Drinking the Kool-Aid

Closing the Teach For America Blogging Gap
Dec 05 2010

SWBAT find the volume of cylinders… eventually.

“…Well, the 14 here is the diameter. Remember, diameter? … Diameter is all the way across the middle of the circle. In our formula, there’s an r. What does r stand for?    …  What’s an r-word we’ve been talking about with circles?  …   Okay, well, R stands for radius. The diameter goes all the way across the middle of the circle, but the radius only goes to the center.”

We’ve been finding the volume and surface area of cylinders, spheres, and cones for more than a week now. The rest of my class is completely off task (mostly because the work their teacher gave them is BORING). My lowest student, an easily offended JROTC cadet with huge hoop earrings and lots of lip gloss, looks at me with raised eyebrows and waits for me to hurriedly tell her the answer and rush off to put out fires.

… but some days I just want to teach someone something. So I shut out the craziness going on behind me and dive in.

Even now, even in December, it’s a deeper dive than I’m expecting.

Me: “So if we have the diameter, how do we get the radius?”

Cadet: “… subtract something?”

Me: If the diameter goes all the way across the circle, and the radius only goes halfway, how could we find what the radius is?”

Cadet:  …

Me: “How do I find half of something?”

Cadet:  “… add? Multiply?”

Me: “We want to split 14 into two equal pieces.”

Nothing.

Me: “Okay. If I had 2 cookies, and I wanted to give you half of my cookies, how many would I give you?”

Cadet: “Um, a half.”

Me: “I would give you half a cookie? Hmm, I don’t know about that.    … Let’s say I had 4 cookies. I want to split them up evenly with you. We’re dividing them between 2 people. How many cookies would I give you?”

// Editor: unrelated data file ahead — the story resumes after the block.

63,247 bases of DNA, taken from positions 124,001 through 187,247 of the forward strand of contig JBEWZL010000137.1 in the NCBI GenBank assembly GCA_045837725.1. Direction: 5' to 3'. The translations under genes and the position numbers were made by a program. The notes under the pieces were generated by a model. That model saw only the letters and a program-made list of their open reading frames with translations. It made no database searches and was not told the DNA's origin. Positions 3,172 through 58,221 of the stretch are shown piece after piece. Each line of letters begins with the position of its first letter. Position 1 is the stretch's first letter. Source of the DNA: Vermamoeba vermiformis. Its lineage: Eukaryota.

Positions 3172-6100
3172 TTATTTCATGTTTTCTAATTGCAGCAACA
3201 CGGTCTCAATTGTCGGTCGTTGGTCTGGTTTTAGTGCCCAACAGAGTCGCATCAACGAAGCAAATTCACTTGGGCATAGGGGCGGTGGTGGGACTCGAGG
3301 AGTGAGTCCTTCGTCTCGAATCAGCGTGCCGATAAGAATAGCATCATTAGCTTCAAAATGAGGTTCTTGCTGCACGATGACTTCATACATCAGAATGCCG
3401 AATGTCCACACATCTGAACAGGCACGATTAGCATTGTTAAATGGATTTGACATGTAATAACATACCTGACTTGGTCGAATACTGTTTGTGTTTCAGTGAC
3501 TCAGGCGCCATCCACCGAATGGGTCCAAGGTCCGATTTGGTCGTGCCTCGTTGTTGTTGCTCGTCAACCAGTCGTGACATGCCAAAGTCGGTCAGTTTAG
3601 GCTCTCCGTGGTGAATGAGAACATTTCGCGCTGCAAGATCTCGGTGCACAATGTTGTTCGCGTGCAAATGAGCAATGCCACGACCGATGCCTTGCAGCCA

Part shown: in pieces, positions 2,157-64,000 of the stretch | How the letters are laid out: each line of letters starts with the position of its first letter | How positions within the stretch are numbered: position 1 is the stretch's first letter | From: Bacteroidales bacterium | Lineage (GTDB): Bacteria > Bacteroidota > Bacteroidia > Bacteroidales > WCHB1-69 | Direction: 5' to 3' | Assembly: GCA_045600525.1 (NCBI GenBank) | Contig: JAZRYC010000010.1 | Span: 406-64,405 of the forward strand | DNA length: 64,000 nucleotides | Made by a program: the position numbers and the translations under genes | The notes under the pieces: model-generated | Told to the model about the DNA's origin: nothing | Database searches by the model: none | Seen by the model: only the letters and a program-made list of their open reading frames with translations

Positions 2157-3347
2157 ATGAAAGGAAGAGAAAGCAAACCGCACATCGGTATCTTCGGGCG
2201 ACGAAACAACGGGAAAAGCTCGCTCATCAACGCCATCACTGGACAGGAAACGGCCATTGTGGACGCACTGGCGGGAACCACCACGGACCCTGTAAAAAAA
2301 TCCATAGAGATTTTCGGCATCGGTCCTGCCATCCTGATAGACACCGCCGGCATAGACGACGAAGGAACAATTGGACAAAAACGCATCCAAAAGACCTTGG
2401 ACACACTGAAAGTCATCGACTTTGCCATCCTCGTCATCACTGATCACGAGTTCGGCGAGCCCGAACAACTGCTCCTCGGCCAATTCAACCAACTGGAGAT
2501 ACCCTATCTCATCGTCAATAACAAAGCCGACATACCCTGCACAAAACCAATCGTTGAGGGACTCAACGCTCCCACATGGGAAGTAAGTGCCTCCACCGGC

Cadet: “Three.”

Me: “Really? If I gave you three cookies, how many would I have left?”

Cadet:  (checks on her fingers)  “… one.”   (yesss!)

Me: Yes! I would only have one left. Would that be fair? Three and one?”

Cadet: “No. Two and two!”

Me: “Exactly! We have to divide them into 2 equal parts. Perfect. Now, what if I had … 10 cookies? How many would I give you then?”

Cadet: “um… seven.”

Me: “You sure?”

Cadet: “No, five and five!”

Me: “Yes! I’d have five and you’d have five. We split it in half: half of 10 is 5. Now. Back to our problem. What if I had 14 cookies? How many would I give you?”

Cadet: “Thirteen?”

Me: “Thirteen?!? You get thirteen and I get one?”

Cadet: “No! No.  Um… hold on.”

She digs in her backpack and produces a notebook. She flips past various cartoon figure doodles and what looks like a warm-up from Spanish class, finds a fresh page, and proceeds to draw 14 circles. I’m impressed.

First, she tries to count the 14 circles by pointing with alternating fingers of her two hands. But she gets to five and five and gets stuck.

Next, she draws a two-column table with ‘W’ (that’s me) and ‘A’ (that’s her). She tallies on each side (“one, one, two, two…”) but doesn’t stop at 7 and 7… she goes until she reaches 10 and 10, then says, “There. 10 and 10 is 14!”

Me: “10 and 10 is 14? Are you sure?”

Cadet: “yep.”

Me: “How about you count them and see. Are there 14 marks there?”

She counts the 20 tallies (one by one, not by fives), but does so hurriedly and comes up with 15. “I have too many.”

Me: “Yep, you do. But I see more than 15.”

She counts again, correctly this time. I remind her that she needs 14 tallies, not 20—she erases one set of five, then counts again.   “Ohhhh…” She says, and erases one more tally mark. Now there are 10 on the ‘W’ side and 4 on the ‘A’ side.   “10 and 4 is 14!”